Louis Ramirez is the Senior Editor of Gizmodo, the biggest tech blog on the net. In this interview, he let us know all about how he spots the next big gadgets.
When asked about Trend Hunter, Louis told us, â€œTrend Hunter tells you what's cool so that you don't look like a jackass trying to act cool. It's the go-to spot for people who always want to be in the know.â€
12 Questions with Louis Ramirez
1. How and when did you become interested in technology?
My first experience with technology came in the 80s when I got my 8-bit Nintendo console. Ever since that day I was always on the look out for the latest games and gadgets. Professionally, I began covering tech when I started working at Laptop magazine upon graduating from college.
2. ... and what about Gizmodo?
I started working at Gizmodo back in October. Prior to working at the Giz I was a big fan of the site -- I'd check it multiple times throughout the day to see what was new or what was generating buzz.
3. What types of new innovations interest you the most?
I'm a computer guy so I'm always looking at what's new in the laptop and desktop arena. Processors, graphics cards -- the whole 9 yards. I'm also a big home theater fan so I like keeping up to date on new flat panels and speakers. Lately I've been reading up on robots a lot. It's scary how life-like robots are becoming.
4. How and where do you discover your latest articles (Is it mostly from other blogs, user submissions or do you actually hunt for cool things)?
I get my stories from multiple sources, but for the most part I prefer to find things on my own. A lot of times I'll ask my contacts what's new to see if I can score an NDA. Other times I'll read tech mags/blogs in the UK and Japan to see what they're excited about and what's coming down the line for us. On a daily basis I'd say I look at over 200 different feeds.
5. How do you define a trend?
To me a trend is something that's popular. Something that's "in" or mainstream. Trends come and go easily -- so it's difficult knowing which ones are worth your time. MySpace is trendy. Is it worth your time? Probably not.
6. How do you define cool?
Cool on the other hand doesn't have to be trendy. Sometimes it is, sometimes it isn't. For instance people who can hack their cell phone or make flamethrowers out of a box of Legos are cool. Cool has this underground vibe to it in the sense that it hasn't been discovered by the mainstream yet.
7. Why do you feel it is important to track the next big thing?
It's always important to see what's new or what's on the horizon. Otherwise you're just settling with what you have now. I've never been content with settling, so I'm always on the look out for the next big thing.
8. What advice would you give to someone who wanted to create something cool?
Just put yourself into it. Whether it's something you're writing, building, whatever -- the minute it has your "touch" -- your "signature" -- that's when it'll be cool. Otherwise it's generic.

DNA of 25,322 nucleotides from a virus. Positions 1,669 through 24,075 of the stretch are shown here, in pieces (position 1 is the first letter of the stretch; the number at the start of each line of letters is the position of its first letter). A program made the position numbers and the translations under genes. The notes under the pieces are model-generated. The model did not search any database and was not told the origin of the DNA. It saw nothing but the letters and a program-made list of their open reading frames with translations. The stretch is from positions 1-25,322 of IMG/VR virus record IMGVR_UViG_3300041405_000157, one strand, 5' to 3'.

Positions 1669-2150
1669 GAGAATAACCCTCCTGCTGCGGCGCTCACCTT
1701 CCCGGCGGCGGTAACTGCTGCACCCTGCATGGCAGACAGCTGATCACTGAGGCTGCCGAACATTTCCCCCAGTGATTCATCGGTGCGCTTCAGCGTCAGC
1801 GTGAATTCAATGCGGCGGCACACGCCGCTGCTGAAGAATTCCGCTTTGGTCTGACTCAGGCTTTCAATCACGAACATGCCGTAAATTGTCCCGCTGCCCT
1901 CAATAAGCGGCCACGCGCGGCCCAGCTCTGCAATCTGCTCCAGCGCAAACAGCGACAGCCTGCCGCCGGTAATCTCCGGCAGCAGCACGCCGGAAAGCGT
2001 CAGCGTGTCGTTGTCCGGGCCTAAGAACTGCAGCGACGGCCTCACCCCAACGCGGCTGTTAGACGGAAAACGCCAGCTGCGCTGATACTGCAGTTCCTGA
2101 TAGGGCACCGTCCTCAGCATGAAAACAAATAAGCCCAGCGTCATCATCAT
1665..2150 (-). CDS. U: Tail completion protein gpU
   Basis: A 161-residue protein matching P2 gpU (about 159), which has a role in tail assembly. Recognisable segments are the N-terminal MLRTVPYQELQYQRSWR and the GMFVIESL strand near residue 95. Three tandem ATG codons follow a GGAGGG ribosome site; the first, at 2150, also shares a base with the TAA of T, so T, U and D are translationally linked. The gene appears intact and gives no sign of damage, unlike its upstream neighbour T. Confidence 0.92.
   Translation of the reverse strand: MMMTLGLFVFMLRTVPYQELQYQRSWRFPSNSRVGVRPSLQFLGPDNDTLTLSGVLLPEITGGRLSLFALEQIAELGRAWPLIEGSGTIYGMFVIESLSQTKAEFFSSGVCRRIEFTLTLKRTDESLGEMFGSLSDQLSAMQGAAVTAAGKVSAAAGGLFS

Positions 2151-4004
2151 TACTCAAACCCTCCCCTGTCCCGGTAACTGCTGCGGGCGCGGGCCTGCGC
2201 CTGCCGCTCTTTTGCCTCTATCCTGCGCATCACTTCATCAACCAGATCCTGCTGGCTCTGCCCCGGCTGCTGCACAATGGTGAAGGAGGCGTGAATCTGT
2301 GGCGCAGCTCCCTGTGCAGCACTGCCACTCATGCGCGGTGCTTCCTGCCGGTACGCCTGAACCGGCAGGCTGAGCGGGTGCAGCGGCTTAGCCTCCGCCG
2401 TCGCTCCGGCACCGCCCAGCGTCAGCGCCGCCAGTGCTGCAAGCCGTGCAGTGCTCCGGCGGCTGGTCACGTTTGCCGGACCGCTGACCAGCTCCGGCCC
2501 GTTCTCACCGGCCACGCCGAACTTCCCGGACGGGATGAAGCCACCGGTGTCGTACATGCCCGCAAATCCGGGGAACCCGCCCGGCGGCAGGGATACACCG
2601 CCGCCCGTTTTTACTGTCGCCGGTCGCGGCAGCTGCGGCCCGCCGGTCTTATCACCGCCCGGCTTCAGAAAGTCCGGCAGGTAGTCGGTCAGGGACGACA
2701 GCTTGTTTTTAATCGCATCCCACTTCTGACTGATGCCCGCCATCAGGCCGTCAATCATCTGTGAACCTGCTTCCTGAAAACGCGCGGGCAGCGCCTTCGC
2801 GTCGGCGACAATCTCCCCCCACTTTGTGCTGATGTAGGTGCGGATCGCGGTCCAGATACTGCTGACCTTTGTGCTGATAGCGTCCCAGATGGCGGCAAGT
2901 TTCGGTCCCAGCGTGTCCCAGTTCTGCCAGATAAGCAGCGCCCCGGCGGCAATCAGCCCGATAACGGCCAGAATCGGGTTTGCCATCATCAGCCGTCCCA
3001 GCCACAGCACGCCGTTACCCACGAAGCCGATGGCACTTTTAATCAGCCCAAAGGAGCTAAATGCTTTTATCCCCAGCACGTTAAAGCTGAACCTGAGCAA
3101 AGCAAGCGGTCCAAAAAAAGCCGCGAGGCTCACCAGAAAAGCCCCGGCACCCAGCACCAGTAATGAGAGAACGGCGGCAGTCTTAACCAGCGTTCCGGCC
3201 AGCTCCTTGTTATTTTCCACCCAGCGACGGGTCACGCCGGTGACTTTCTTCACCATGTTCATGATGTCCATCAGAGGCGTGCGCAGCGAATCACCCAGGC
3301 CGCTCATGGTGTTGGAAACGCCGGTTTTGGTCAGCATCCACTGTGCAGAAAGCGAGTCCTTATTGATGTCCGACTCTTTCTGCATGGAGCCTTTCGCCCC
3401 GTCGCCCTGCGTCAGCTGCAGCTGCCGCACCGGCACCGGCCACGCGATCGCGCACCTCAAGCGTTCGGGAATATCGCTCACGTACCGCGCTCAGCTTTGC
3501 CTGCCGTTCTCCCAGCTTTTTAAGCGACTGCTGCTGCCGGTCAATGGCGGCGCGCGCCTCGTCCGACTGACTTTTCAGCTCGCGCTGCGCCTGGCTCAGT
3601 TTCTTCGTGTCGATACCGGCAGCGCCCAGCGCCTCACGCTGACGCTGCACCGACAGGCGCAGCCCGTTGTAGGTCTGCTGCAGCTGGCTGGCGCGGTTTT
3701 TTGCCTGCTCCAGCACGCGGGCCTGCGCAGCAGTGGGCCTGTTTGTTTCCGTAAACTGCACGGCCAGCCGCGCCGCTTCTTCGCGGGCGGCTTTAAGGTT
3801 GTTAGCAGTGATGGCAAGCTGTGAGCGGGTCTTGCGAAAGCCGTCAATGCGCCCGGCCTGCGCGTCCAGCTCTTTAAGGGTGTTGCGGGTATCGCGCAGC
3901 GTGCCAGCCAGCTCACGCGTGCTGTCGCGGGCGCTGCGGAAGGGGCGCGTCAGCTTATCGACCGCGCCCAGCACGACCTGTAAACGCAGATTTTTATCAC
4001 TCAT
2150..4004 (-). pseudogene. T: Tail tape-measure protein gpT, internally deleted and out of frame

9. Gizmodo is a very populary site. Do you have plans to expand?
We're always looking for ways to improve the site, but right now our main focus is CES. Our plan is to not only report on what we see, but to also give good feedback. Anyone can rehash a press release, but to give an informed opinion -- that's a different story.
ABOUT LOUIS RAMIREZ
10. Professionally, what do you want to be doing in 10 years?
Five years ago I never would've guessed I'd be blogging for a living. So 10 years from now I don't know what I'll be doing, but I'd like to continue writing about tech and maybe explore other types of writing. I've always considered myself a big foodie, so maybe I'll give that a try.
11. What are your biggest hobbies outside hunting for cool new technologies?
Ever since I started at Gizmodo I've been working from home. Which is cool, but aside from rolling out of bed and walking in and out of the kitchen for lunch, it doesn't involve much exercise. Some days when I'm attending meetings I'm running all over the city, but for the most part I'm working from home. So after a long day of blogging I like hitting the
gym for an hour-long run or swim.
12. Name 3 people who have inspired you.
My mom and dad have always been my main inspiration. They've taught me to work hard and set my goals high. Both of them worked 24/7 to make sure I went to the best schools. I wouldn't be here without them. I also owe a lot to my 4th grade elementary school teacher, who inspired me to write by assigning me these really long "how I spent my summer vacation" type of essays. I grew up in New York, I didn't travel much, so most of my summers were the same. One day my teacher told me to get creative with my essays and so I did. I've enjoyed writing ever since. And my creative writing professor in college was also a huge inspiration. He taught me how to give and take criticism.
Louis Ramirez, Senior Editor of Gizmodo (INTERVIEW)
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